George Washington Carver and Sharing
Students will experience a piece of literature that introduces a famous African-American and his contributions to science. Students will gain an understanding of famous people of the past and the importance of their actions on citizenship.
The learner will:
- increase listening comprehension and use critical thinking skills.
- sequence events of the story.
- list major contributions made by George Washington Carver.
- explain how peanut butter is made.
- identify a famous person of the past and describe how his action made a contribution to citizenship.
- A Weed Is a Flower: The Life of George Washington Carver (see Bibliographical References)
- Chart paper
- Peanut butter
- For Arts Extension: Audio CD - Rafffi: Singable Songs for the Very Young (see Bibliographical References)
Give each student a standard-size rectangle of paper (about the size of a label from a jar of peanut butter). Ask each student to draw/copy the label from his/her peanut-butter jar at home. Use the labels the next day on a graph showing the different kinds of peanut butter people buy. Discuss the data gathered on the graph. (You may need to reserve a column on the graph for people who do not buy peanut butter.)
- Aliki. A Weed is a Flower: The Life of George Washington Carver. New York: Simon and Schuster, 1985. ISBN: 0671664905.
- Raffi. Singable Songs for the Very Young: Great with a Peanut Butter Sandwich. Troubador Records Ltd., 1976. ISBN: 1-886767-30-0.
Gather the children and distribute peanuts to them. (Warning: Be sure no students in the class are allergic to peanuts!) Have the children eat the peanuts. Ask the children if they know how peanuts are grown and what they are good for other than eating. After they respond, tell them you are going to read a story about a very important man whose work was very important to us all. Read A Weed is a Flower by Aliki.
Synopsis: The book is about the life of George Washington Carver. It begins with his childhood and describes his love of science, especially plants. The book explains how he learned about plants by taking care of other peoples' gardens. Through the use of his scientific mind, he developed many methods for farming and machinery that helped people then and now. The last line of the book says volumes: "George Washington Carver, with his goodness and devotion, helped not only his own people, but all peoples of the world."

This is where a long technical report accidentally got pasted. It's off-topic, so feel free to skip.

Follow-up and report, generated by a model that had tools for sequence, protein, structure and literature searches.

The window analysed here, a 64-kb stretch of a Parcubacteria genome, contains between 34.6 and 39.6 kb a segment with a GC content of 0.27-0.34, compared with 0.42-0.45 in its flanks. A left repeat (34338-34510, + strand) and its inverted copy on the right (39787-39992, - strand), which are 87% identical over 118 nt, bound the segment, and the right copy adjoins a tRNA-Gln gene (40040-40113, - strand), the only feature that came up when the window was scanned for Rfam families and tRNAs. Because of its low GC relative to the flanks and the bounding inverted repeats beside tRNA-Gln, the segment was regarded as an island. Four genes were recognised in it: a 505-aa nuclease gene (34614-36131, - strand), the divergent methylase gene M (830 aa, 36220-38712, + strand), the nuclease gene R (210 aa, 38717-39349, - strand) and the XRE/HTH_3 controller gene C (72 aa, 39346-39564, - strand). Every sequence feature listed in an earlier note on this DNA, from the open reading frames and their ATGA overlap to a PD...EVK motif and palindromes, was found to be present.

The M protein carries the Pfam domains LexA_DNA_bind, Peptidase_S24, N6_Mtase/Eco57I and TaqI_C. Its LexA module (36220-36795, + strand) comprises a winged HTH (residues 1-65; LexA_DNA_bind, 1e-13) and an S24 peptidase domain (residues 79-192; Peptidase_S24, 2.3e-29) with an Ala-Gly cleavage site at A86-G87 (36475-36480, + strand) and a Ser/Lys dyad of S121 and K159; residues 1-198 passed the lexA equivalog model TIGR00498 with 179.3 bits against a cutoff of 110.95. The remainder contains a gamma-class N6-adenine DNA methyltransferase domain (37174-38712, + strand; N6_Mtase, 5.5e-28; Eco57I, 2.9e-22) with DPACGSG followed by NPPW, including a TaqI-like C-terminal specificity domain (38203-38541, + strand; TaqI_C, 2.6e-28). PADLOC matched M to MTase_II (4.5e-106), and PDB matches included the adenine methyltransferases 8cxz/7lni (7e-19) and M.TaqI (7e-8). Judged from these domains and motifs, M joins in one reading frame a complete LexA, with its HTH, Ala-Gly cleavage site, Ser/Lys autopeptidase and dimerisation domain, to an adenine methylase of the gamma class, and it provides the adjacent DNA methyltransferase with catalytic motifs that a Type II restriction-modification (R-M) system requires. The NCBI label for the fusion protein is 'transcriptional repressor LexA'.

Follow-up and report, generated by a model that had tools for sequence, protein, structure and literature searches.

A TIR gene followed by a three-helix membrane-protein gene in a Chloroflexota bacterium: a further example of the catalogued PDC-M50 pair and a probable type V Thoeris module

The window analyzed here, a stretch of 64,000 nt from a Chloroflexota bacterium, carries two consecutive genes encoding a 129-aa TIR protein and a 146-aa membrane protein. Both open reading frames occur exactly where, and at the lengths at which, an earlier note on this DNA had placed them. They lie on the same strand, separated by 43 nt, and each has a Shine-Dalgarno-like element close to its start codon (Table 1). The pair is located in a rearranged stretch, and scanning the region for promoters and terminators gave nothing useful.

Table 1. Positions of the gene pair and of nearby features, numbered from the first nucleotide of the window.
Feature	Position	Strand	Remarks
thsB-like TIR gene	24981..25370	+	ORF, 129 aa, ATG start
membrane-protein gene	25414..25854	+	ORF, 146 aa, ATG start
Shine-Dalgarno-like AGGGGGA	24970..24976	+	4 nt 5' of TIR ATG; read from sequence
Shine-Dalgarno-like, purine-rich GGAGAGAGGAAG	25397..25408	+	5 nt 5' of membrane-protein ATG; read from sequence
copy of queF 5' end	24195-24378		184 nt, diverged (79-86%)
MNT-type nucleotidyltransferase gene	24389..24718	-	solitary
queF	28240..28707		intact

- After reading the story, discuss Mr. Carver's work with peanuts. Focus on his generous sharing of ideas, which led to many contributions to society. Ask students to identify and list some of the major contributions made by George Washington Carver. (Some are in the story, and you will want to add others.) Ask students why we are all better off because of the inventions of Carver. What kind of person was he? How does his work make him a better citizen? How is his work considered philanthropy?
- With the help of the students, write the events of the book in order on chart paper.
- Discuss what life was like in American history when and where George Washington Carver lived and worked. Look up information at the library and on the Internet.
- Based on the reading and personal experience, ask students to explain why acting philanthropically is good for the community, state, or nation.
- Trace the making of peanut butter from planting the seed to the grinding of the peanuts. Have students act out the different steps.
- Have a peanut-butter-and-cracker snack after the lesson.
Observe student comprehension as they:
sequence the events of the story.
recall major contributions made by George Washington Carver.
Strand PHIL.I Definitions of Philanthropy
Standard DP 02. Roles of Government, Business, and Philanthropy
Benchmark E.6 Explain why acting philanthropically is good for the community, state, nation, or world.